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Publication numberUS3311585 A
Publication typeGrant
Publication dateMar 28, 1967
Filing dateNov 27, 1964
Priority dateNov 27, 1964
Publication numberUS 3311585 A, US 3311585A, US-A-3311585, US3311585 A, US3311585A
InventorsFrank E Edlin
Original AssigneeDu Pont
Export CitationBiBTeX, EndNote, RefMan
External Links: USPTO, USPTO Assignment, Espacenet
Fire-resistant reflective coatings of fibrous potassium titanate, colloidal silica and elastomeric latex
US 3311585 A
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Description  (OCR text may contain errors)

FmE-RESISTANT REFLECTIVE COATINGS F FIBROUS POTASSIUM TITANATE, COLLOI- DAL SILICA. AND ELASTOMERIC LATEX Frank E. Edlin, Wilmington, DeL, assignor to E. I. du Pont de Nemours and Company, Wilmington, DeL, a

corporation of Delaware No Drawing. Filed Nov. 27, 1964, Ser. No. 414,413 6 Claims. (Cl. 26029.7)

This invention relates to fire-resistant reflective insulating compositions and to their use. More particularly, this invention is directed to aqueous compositions comprising water insoluble fibrous potassium titanate, colloidal silica and a latex-type elastomeric material, which upon drying form an adherent heat reflectant coating, to the use of such compositions and to thewfireresistantreflective insulating coatings whichthey form.

Flames emit radiant energy for the most part in the visible and near infrared Wave bands generally shorter than six microns. A surface having the highest effective reflectance will possess the greatest capability to reject this radiant energy. Since no perfect reflectors are known, some amount of the radiant energy will always be absorbed by a surface. This energy which is absorbed, can be reemitted as radiation of a much longer wavelength generally corresponding to the temperature of the surface. Therefore, a surface which is capable of eflficiently emitting the radiation of the longer Wavelength corresponding to its temperature is also very desirable to aid in forestalling combustion temperatures.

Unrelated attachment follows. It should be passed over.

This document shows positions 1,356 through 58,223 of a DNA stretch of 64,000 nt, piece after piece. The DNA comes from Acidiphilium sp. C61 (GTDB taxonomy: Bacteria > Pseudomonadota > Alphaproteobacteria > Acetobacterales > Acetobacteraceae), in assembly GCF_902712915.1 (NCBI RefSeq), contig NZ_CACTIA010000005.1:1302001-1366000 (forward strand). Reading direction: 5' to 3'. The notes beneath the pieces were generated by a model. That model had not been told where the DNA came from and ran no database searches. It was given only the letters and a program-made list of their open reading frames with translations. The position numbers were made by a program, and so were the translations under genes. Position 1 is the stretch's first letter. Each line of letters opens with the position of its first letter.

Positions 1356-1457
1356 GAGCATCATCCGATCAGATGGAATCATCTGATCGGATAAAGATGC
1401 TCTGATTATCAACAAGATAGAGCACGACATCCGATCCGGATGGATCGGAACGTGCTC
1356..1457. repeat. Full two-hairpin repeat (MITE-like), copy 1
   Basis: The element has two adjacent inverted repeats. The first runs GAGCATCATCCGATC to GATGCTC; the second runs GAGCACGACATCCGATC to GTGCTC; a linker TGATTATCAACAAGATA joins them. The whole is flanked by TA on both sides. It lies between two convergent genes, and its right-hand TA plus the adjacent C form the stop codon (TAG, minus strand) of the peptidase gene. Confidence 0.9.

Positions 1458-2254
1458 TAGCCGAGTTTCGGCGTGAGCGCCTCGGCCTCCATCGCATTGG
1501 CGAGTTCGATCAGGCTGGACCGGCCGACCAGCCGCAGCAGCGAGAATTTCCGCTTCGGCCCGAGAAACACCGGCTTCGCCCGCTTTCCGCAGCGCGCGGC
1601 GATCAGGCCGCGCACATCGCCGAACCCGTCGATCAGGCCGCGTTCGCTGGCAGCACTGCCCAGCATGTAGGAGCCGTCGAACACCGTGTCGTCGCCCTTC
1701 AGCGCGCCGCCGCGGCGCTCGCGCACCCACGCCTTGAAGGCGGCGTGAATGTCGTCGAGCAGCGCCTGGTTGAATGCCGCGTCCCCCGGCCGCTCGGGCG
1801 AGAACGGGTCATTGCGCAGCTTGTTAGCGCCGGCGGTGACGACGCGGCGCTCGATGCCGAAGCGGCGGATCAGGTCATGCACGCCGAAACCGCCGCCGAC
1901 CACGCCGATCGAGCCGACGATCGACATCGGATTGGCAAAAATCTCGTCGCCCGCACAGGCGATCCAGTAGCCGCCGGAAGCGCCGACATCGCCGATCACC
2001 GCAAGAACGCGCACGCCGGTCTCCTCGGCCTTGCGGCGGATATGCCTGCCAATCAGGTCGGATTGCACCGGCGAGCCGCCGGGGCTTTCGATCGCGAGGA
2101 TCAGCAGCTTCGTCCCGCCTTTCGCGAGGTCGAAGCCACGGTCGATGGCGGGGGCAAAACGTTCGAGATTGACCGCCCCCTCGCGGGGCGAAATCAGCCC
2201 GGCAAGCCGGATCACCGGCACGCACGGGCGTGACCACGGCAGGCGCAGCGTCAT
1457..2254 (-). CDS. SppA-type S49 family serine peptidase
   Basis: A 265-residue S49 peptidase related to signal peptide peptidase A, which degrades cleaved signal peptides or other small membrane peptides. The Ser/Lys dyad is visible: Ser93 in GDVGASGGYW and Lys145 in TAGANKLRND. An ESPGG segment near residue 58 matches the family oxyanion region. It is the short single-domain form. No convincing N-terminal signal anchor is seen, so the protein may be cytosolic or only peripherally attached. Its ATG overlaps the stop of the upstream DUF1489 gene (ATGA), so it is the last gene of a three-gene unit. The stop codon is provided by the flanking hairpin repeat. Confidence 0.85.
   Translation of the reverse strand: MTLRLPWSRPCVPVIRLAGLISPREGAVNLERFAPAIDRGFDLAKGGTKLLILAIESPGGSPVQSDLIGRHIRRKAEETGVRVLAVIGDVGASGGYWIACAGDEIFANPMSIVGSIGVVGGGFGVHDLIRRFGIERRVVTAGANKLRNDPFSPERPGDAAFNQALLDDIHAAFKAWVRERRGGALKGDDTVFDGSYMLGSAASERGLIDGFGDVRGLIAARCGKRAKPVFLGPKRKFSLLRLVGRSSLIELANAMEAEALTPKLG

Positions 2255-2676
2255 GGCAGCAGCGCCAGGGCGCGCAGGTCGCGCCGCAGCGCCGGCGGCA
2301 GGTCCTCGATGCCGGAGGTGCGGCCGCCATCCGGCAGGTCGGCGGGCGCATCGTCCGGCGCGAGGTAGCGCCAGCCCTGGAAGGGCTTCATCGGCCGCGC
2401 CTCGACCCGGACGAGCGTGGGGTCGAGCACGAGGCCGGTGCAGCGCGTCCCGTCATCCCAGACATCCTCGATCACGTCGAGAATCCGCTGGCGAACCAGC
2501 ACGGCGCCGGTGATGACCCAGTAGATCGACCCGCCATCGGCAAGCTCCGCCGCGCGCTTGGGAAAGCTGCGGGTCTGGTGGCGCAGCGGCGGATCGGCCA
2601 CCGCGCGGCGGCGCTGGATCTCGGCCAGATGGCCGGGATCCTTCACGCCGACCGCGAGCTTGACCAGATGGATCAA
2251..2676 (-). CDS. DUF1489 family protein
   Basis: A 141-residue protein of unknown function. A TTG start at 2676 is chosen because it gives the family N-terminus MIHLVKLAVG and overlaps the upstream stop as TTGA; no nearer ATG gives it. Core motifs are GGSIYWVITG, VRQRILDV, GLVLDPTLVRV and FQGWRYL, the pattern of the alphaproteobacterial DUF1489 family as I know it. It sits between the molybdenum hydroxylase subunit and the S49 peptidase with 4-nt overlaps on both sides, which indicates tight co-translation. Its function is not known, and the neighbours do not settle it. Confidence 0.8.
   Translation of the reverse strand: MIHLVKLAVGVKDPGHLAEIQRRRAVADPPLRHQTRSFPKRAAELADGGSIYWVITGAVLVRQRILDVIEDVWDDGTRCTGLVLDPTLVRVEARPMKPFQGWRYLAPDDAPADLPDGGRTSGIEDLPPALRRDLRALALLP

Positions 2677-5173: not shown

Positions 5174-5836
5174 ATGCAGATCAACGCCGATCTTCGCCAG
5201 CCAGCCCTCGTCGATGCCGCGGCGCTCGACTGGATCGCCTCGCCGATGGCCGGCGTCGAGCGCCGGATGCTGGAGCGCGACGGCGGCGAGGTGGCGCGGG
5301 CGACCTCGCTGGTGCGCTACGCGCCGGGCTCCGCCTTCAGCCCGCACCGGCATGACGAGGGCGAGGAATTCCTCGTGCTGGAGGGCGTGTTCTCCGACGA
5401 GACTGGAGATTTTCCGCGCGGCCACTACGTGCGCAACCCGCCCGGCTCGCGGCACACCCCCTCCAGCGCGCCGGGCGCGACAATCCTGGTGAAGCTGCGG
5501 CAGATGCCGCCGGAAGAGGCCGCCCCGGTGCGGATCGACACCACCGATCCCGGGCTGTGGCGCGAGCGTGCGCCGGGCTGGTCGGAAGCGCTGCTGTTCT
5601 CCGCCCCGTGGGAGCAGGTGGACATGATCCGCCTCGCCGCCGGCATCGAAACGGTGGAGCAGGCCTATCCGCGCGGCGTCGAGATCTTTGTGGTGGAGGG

I have discovered a composition, which when dried to an adherentcoating, reflects from 93 to 95 percent of all radiation having a wavelength between 0.35 and 2.1 microns. This wavelength includes the visible wave band which is between 0.4 and 0.7 micron and also the near infrared wave band usually considered to extend from 0.7 to 2 microns. Further, these coatings emit radiation from bodies at near ambient temperature up to 400 F. with high efliciency. At 140 'F. the coatings emit radiation equivalent to 96 to 98 percent of the radiation which would be emitted by a perfect black body.

To put these excellent optical properties into perspective, the reflectance over the broad Wave band of 0.35 to 2.1 microns of the compositions of this invention, when dried to a coating, is equal to or better than the reflectance of silver in telescope optics; and these coatings emit radiation at 140 F. more completely than the finest carbon black.

The compositions of this invention comp-rise from 25 to 35 parts by weight dry basis of fibrous potassium titanate, sufficient colloidalsilica aquasol to give from 25 to 35 parts by weight dry basis of colloidal silica and sufficient latex-type elastomer emulsion to give from 1 to 3 parts by weight of a latex-type filaSiqI g rig polymer, all combined in an aqueous suspension. Of course's u'ch'compositions when properly dried contain essentially no water, and the coatings formed therefor comprise from 25 to 35 parts by weight of fibrous potassium titanate, from 25 to 35 parts by weight of colloidal silica and from 1 to 3 parts by weight of an elastomeric polymer.